The Asia/Africa division represents 17% of sales. Sales of this segment remained static between 2008 and 2009. Oral products make up over two-thirds of this division’s sales.
Hills Pet Nutrition
The Hills Pet Nutrition segment represents 14% of sales. Products include Science Diet pet food and Prescription Diet specialty nutrition products. Sales decreased by 0.5% for 2009, but volume was down 7.5% from 2008. The company reports that this was because it raised prices to offset commodity costs.
Breaking the numbers down another way, Oral Care sales represent 41% of total Colgate worldwide sales, Personal Care sales represent 22% of the total, Home Care sales represent 23% of the total, and Pet Nutrition makes up 14% of the total.
Revenue, Earnings, Cash Flow, and Margin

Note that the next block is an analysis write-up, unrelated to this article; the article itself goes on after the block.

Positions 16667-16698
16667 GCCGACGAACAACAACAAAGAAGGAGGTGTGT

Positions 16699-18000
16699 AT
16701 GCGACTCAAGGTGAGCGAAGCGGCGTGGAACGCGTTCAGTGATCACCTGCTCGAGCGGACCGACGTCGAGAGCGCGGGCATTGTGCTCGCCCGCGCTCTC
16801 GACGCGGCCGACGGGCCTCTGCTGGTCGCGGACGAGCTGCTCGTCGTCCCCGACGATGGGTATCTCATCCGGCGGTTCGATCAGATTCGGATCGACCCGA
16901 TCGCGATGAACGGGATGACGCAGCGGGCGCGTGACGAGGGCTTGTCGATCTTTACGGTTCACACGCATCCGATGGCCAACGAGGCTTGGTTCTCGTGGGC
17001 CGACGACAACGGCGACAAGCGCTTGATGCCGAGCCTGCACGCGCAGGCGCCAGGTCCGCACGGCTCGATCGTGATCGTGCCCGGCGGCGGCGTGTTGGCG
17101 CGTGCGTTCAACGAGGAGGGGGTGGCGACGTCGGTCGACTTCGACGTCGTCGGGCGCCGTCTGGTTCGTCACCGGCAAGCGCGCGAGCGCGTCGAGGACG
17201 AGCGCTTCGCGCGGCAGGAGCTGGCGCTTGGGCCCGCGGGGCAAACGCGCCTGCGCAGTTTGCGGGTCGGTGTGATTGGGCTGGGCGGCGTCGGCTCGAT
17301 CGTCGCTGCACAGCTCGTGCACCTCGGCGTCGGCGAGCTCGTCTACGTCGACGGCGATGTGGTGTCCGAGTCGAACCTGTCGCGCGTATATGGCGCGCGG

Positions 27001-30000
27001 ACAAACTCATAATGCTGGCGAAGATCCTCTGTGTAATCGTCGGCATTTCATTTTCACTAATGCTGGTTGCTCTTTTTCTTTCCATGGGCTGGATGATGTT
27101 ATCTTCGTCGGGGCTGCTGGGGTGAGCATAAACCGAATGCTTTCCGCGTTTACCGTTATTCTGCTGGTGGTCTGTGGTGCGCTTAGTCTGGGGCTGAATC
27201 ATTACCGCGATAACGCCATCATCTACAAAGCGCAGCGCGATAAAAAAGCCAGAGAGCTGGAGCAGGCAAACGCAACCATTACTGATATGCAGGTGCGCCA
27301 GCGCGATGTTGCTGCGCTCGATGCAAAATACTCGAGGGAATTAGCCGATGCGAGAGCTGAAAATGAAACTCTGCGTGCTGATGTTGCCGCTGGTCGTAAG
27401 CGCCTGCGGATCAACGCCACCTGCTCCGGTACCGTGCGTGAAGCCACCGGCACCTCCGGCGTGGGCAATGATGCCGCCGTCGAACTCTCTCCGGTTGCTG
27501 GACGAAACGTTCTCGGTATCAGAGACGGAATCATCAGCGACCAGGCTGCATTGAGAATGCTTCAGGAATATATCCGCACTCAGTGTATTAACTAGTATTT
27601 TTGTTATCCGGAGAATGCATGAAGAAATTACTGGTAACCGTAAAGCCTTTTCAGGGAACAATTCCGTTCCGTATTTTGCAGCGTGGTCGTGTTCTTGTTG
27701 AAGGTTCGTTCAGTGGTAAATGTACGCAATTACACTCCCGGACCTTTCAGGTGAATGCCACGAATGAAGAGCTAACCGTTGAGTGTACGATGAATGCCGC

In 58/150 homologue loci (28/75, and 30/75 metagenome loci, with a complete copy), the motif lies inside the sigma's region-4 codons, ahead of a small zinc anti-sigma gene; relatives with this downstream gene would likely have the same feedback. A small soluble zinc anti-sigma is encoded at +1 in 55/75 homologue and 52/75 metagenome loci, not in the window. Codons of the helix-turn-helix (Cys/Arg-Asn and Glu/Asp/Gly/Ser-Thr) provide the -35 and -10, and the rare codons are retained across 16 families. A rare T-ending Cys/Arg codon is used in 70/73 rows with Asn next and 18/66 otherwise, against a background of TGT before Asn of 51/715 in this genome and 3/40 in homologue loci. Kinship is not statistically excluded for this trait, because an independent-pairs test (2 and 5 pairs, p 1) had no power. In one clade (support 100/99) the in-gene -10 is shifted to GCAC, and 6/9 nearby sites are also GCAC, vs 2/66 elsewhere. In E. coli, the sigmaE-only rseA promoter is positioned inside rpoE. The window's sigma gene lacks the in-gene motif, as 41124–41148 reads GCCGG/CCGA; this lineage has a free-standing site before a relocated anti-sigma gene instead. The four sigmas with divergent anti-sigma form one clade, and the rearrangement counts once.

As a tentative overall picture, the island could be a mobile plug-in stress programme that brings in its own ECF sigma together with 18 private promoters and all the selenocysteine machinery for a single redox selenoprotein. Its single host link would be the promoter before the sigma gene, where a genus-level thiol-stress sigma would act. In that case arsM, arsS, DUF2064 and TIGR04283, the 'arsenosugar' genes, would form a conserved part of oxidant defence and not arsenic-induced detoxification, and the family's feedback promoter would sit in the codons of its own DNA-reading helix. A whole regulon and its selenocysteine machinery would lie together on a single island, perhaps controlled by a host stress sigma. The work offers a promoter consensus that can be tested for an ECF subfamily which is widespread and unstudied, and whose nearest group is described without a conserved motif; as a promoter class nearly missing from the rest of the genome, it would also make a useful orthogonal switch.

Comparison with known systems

The company has an impressive and consistent growth record.
Annualized revenue growth over this five year period has been over 7%, which is great. The lack of growth between 2008 and 2009 looks concerning, but the annual report states that organic growth was actually 6.5% when adjusted for acquisitions, divestitures, and foreign exchange rates.
CL has impressively grown earnings by nearly 11% per year on average during this period. EPS has grown a bit faster than company-wide earnings due to share repurchases.
Operating Cash Flow Growth
The big jump of operating cash flow for 2009 looks like it will be balanced out by decreased cash flow for 2010. It seems to mostly be a timing issue, with large increases of payables and decreases of inventory in 2009, and the opposite for the first two quarters of 2010. The healthy and growing cash flow over this period is promising.
CL has a net profit margin of 14%, which puts it on par with Procter and Gamble and ahead of Clorox and Church & Dwight.
Return on Equity is a massive 95%, but the debt has a large part to play in this number. Return on Investments is 34%. The company seems to be using its value quite effectively.